How to prepare for a buy-side internship

Phew. Finals are over! "School's Out" by Alice Waters is blaring from some room down the hall whose occupant thinks he's way funnier than he actually is. Isn't he an English major? Whatever, you've got more important things to worry about, like your upcoming summer internship!

Whether you mastered your technical interview skills with the WSO Prep Guide, or you're Lloyd Blankfien's illegitimate love child, you managed to get an internship this summer with a prestigious investment management firm. Now you just have to kick back and wait for day numero uno to get here, right?

Child, please. If you want to be the best you've got to prepare like the best.
And that leads us to an interesting question: What is the best way to prepare for a buy-side internship?

Without outside learning most undergraduate students are woefully ill-equipped for buy-side internships. But most employers recognize this and will recommend some outside reading. For example, to prepare for my upcoming internship with a technical analysis heavy fund I was sent some books the PM liked and thought would help me hit the ground running.

But not all PM's are created equal, so what should those unlucky individuals left to prepare on their own do?

Well, even though you probably already did this before your interview, it bears repeating: understand the firm's strategy to the best of your ability. From here it will be easier to find information that will prepare you for your specific fund.

For specific examples of books, I turn it over to you guys. What books/other resources would you recommend to aspiring monkey's to prepare for a buy-side internship?

Comments (20)

 
May 17, 2012 - 9:53am

Alice Cooper, not Alice Waters

"Whenever you feel like criticizing any one, just remember that all the people in this world haven't had the advantages that you've had." -F. Scott Fitzgerald
 
May 17, 2012 - 11:47am

YO, Alice Waters? come on, she wrote about organic food and stuff. Alice COOPER sang angry horror rock.

Any way, check out www.quewey.com - they seem to have a nice user base of senior PE professionals answering questions about stuff (I think they might be friends with the founding team)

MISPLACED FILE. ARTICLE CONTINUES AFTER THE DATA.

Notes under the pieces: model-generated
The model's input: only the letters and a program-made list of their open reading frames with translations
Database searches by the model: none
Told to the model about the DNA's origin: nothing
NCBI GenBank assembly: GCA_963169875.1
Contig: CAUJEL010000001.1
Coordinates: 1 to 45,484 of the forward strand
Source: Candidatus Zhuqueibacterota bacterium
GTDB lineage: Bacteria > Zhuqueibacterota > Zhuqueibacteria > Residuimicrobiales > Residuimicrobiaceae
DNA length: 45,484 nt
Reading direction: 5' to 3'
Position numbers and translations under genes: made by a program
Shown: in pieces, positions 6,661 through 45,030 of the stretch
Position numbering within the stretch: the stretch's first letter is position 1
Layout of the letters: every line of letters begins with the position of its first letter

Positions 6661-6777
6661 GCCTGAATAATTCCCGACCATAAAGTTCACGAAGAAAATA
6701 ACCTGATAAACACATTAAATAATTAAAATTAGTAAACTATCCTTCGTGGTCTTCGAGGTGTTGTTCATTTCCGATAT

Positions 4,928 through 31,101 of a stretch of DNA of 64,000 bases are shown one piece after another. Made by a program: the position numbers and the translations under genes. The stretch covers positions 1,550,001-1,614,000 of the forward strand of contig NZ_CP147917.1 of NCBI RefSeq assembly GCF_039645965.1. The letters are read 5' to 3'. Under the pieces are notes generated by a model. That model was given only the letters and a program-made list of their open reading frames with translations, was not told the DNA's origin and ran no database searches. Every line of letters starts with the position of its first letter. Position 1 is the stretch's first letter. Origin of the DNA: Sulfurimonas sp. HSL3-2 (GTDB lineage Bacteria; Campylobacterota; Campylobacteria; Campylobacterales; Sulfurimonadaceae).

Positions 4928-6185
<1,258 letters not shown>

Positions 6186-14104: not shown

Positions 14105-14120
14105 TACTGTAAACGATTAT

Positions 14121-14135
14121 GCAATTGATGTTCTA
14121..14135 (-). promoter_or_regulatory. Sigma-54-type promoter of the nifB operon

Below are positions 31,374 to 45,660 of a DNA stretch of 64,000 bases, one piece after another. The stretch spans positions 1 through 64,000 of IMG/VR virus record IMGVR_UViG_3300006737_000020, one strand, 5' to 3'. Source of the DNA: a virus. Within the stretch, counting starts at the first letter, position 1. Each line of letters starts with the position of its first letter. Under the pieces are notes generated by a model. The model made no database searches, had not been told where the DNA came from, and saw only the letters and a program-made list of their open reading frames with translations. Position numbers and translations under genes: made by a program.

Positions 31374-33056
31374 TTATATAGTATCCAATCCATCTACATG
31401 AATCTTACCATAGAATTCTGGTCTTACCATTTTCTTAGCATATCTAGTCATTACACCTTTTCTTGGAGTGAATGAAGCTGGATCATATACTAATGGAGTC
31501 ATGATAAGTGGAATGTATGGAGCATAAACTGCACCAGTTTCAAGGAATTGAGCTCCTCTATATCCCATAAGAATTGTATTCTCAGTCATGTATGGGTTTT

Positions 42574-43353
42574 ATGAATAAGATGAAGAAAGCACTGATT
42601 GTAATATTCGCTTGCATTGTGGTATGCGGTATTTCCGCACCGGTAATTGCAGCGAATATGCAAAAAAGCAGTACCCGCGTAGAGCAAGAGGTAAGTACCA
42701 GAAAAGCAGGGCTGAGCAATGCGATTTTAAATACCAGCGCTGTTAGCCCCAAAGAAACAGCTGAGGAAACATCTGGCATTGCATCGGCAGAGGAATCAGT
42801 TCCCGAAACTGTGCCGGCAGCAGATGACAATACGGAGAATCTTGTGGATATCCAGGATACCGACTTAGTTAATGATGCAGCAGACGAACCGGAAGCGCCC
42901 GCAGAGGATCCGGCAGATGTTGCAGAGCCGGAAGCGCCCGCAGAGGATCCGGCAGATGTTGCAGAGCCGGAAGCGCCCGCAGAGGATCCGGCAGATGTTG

May 17, 2012 - 12:44pm

CASEY6:
YO, Alice Waters? come on, she wrote about organic food and stuff. Alice COOPER sang angry horror rock.

Any way, check out www.quewey.com - they seem to have a nice user base of senior PE professionals answering questions about stuff (I think they might be friends with the founding team)

Yeah, rookie mistake calling Alice Cooper Alice Waters.

 
May 17, 2012 - 3:18pm

ER buy-side internship, no clue what i'm doing (Originally Posted: 06/27/2008)

i'm currently a rising junior at a non-target. It looks like I'll begin a ER internship, and basically the guy asked if I know how to look at a balance sheet, income statement, etc, do some financial modeling (i'm not sure why he asked since its ER), npv, irr, and stuff like that.
I didn't lie, as I did take some intro classes, so that's exactly what I said. I told him I am familiar with them somewhat since I took some courses.

Is there a website or any books that I can cram or have like a crash course session w/ a textbook that you guys recommend? I'm really nervous that when given these tasks, I wouldn't know where to start.

 
May 17, 2012 - 3:19pm

Although I'm no expert in this area (I'm sure there are others on this board who can provide a deeper insight into this), check out Damodaran's website. You can google this and his name should pop out.

As to why he asked those questions to you, financial modeling is part of ER -- I did a small ER internship as well.

Check out that site. Hope that helps.

 
May 17, 2012 - 3:22pm

I agree with Mlamb. The yellow WSP accounting refresher is helpful. SCOOP books Guide to Investment Banking is also helpful but expensive ($100). Go to your library and get a financial statement analysis book. Financial modeling is used in ER by the way to update earnings and operating trends.

 
May 17, 2012 - 3:23pm

One of my favorites is Analysis for Financial Management by Higgins. It was a textbook for one of my finance classes and I loved it. It covers a ton of the basics, goes over most of the major ideas (npv, irr, cost of capital, all the important ratios, etc). Easy to read presents things clearly and logically. Good pick up.

 
May 17, 2012 - 3:25pm
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